February 12, 2011 § 1 Comment
“Can two turkeys make an eagle?”
If you believe in the occult and in magic, maybe it can. Or if you are a fan of technology being able to do everything including fusing two turkeys to create an eagle, you are a believer or maybe you work for Microsoft or Nokia. Ill not spend a lot of time explaining the turkey and eagle reference of the post. You can get it all here.
Last week in a less than surprising move, Microsoft and Nokia shared stage in London to announce a far reaching partnership between the two companies where Nokia will start using Microsoft Windows Phone 7 OS on their high end smart phone devices and slowly but definitely start phasing out their iconic and immensely popular Symbian platform. The move means different things to the two companies and this post reflects on the present on the future of this partnership.
The announcement is a big win for Microsoft, atleast in getting a solid partner for its WP7 devices. The operating system, while garnering good reviews has not really translated into the kind of sales it was hoping for with the gargantuan investment. It gives the Redmond behemoth a large market for its fledgling OS, one that will span multiple continents and hopefully millions of new users. It also makes its Bing search engine a player in the search wars from a mobile standpoint.
The big question is what it means for Nokia. For certain, it is a massive fall from grace for the once biggest mobile player and architect of the mobile revolution in much of the developing world. It is also a significant chapter in the woes of the Finnish legend that has refused to innovate against the oncoming hordes of iOS and Android. The last quarter was a clear indication of Nokia’s woes. Nokia was, until recently, pursuing a highest open source smart phone platform project titled MeeGo with Intel. MeeGo has seen multiple delays, although Intel believes it has value, unlike Nokia. Intel was supposedly caught off-guard with the Nokia announcement.
The first Nokia WP7 devices are not expected until next year, but the conspiracy theorists are already speculating if Microsoft alum and Nokia CEO Stephen Elop was really a Microsoft plant and part of a Redmond plot to takeover the Finnish company. A recent move to replace Nokia USA President with another Microsoft vet is only fodder to the theory.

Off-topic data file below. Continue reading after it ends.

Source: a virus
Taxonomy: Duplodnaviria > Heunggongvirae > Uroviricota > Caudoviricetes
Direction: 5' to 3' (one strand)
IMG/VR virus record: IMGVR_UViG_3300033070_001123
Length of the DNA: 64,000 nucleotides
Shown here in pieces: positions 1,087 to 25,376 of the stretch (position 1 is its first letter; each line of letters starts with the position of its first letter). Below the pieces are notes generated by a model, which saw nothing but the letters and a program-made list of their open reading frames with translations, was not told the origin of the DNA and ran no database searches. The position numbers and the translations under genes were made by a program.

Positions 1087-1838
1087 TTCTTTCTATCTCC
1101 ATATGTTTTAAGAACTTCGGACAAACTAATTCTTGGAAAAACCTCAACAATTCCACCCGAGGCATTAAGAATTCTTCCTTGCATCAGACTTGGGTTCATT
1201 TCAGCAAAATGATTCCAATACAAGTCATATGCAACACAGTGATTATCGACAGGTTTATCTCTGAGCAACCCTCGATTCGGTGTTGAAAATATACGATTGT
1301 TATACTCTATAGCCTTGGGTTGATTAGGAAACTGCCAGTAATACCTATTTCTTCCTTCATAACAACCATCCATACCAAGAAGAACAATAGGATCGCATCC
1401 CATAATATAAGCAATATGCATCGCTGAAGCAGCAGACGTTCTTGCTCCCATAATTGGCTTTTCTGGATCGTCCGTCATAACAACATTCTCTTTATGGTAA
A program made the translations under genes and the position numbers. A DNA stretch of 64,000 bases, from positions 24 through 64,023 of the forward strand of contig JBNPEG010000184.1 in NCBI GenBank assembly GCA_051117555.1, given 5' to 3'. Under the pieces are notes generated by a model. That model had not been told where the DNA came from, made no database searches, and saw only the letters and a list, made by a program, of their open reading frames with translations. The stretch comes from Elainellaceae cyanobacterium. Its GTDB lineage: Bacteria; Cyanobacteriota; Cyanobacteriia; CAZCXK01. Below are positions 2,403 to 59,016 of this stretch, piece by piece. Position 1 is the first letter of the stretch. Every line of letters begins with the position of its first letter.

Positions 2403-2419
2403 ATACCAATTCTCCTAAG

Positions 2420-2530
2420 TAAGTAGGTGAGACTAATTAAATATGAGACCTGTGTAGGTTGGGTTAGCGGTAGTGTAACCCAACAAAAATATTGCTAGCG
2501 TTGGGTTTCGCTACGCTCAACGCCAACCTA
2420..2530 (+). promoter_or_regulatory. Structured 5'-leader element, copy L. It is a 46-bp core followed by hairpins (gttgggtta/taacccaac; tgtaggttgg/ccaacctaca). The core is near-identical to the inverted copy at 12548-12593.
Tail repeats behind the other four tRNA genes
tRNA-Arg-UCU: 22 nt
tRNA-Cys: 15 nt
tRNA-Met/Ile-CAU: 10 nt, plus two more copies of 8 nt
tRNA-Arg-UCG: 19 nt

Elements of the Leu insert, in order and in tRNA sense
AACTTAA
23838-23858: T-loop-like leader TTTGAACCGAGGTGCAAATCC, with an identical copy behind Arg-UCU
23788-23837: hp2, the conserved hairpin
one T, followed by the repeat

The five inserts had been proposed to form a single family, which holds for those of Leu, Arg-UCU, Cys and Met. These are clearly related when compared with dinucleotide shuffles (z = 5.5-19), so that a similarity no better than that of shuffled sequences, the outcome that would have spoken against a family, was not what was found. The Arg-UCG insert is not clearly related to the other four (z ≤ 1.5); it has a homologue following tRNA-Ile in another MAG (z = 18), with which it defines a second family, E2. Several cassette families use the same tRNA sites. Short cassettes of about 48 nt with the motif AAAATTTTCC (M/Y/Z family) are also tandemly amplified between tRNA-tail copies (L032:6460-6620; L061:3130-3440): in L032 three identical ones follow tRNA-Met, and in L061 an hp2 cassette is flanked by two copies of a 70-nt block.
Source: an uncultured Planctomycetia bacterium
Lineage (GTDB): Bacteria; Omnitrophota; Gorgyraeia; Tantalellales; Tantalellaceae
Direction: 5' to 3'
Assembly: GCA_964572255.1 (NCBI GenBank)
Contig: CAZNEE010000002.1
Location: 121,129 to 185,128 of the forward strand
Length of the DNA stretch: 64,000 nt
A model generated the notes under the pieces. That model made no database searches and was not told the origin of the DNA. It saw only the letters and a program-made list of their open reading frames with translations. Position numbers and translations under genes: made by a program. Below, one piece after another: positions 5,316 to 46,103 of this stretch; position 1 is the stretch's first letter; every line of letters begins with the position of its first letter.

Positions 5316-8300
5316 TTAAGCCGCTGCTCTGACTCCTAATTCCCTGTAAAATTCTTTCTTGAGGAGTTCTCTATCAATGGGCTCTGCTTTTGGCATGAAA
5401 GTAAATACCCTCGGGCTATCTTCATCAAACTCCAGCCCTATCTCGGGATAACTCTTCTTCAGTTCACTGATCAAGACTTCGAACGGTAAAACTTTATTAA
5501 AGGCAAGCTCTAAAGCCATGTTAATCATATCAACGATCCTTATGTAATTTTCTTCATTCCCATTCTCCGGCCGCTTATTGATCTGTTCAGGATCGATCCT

Apple and Google might have much to gain from this alignment. Both companies have been trying to and have been partially successful in making inroads in developing markets. A void in products from Nokia coupled with the Android plan to penetrate all segments of the market will help. In addition, a rumored low-cost phone from Apple could fit very well into the segment that Nokia so admirably filled for many years.
Only time will tell if the partnership benefits either of the companies but I will leave with a parting note from a wireless industry veteran, who on hearing the news said, “Nokia+Windows=No Win”. For the sake of Nokia employees, the country of Finland, and the thousands of engineers in both companies working hard on the Nokia WP7 handsets, hope that is not the case.
Update: There is talk and also confirmation that Nokia had partnership conversations with Google and RIM which went nowhere and the one presented to Nokia board was only the Microsoft one. Even more interesting (although not very significant based on the scale of the effort) is a Plan B outlined by ex-Nokia folks that is getting some press time. See more here.
Second Update: Looks like Plan B was a hoax after all. Not that it had the muscle to go anywhere, but it doesn’t hurt to wonder the power of the Internet does it?
April 16, 2010 § Leave a comment
I am an iPhone user and for all the call drops I experience in the Bay Area (and I get a lot of the Call Failed messages) I love my phone for the kind of apps it offers. I have professionally had to learn writing code for android devices and also learn work with the G1 dev phone as part of my work. I have in this process developed a geek’s love for the OS that I dont have for the iPhone.
To me the iPhone is an end user’s paradise. Everything done so well with just the right kind of apps and app downloading experience I love not to mention the integration with iTunes. But what the iPhone isn’t is a developer/gadget geek’s friend. It is closed and unfriendly to one wanting to do more with it. Contrast this with the Android experience which is definitely not as sophisticated as the iPhone and the Marketplace is not as much fun to use. But the sheer volume of geekdom on the Android is worth all the pain. Everything from rooting the OS to being able to do a lot of things one can do on a Linux OS, the Android screams of developer love.
With the announcement of the HTC EVO, I am truly excited for a cutting edge Android device. If it lives up to the hype, count me in when my contract gets over.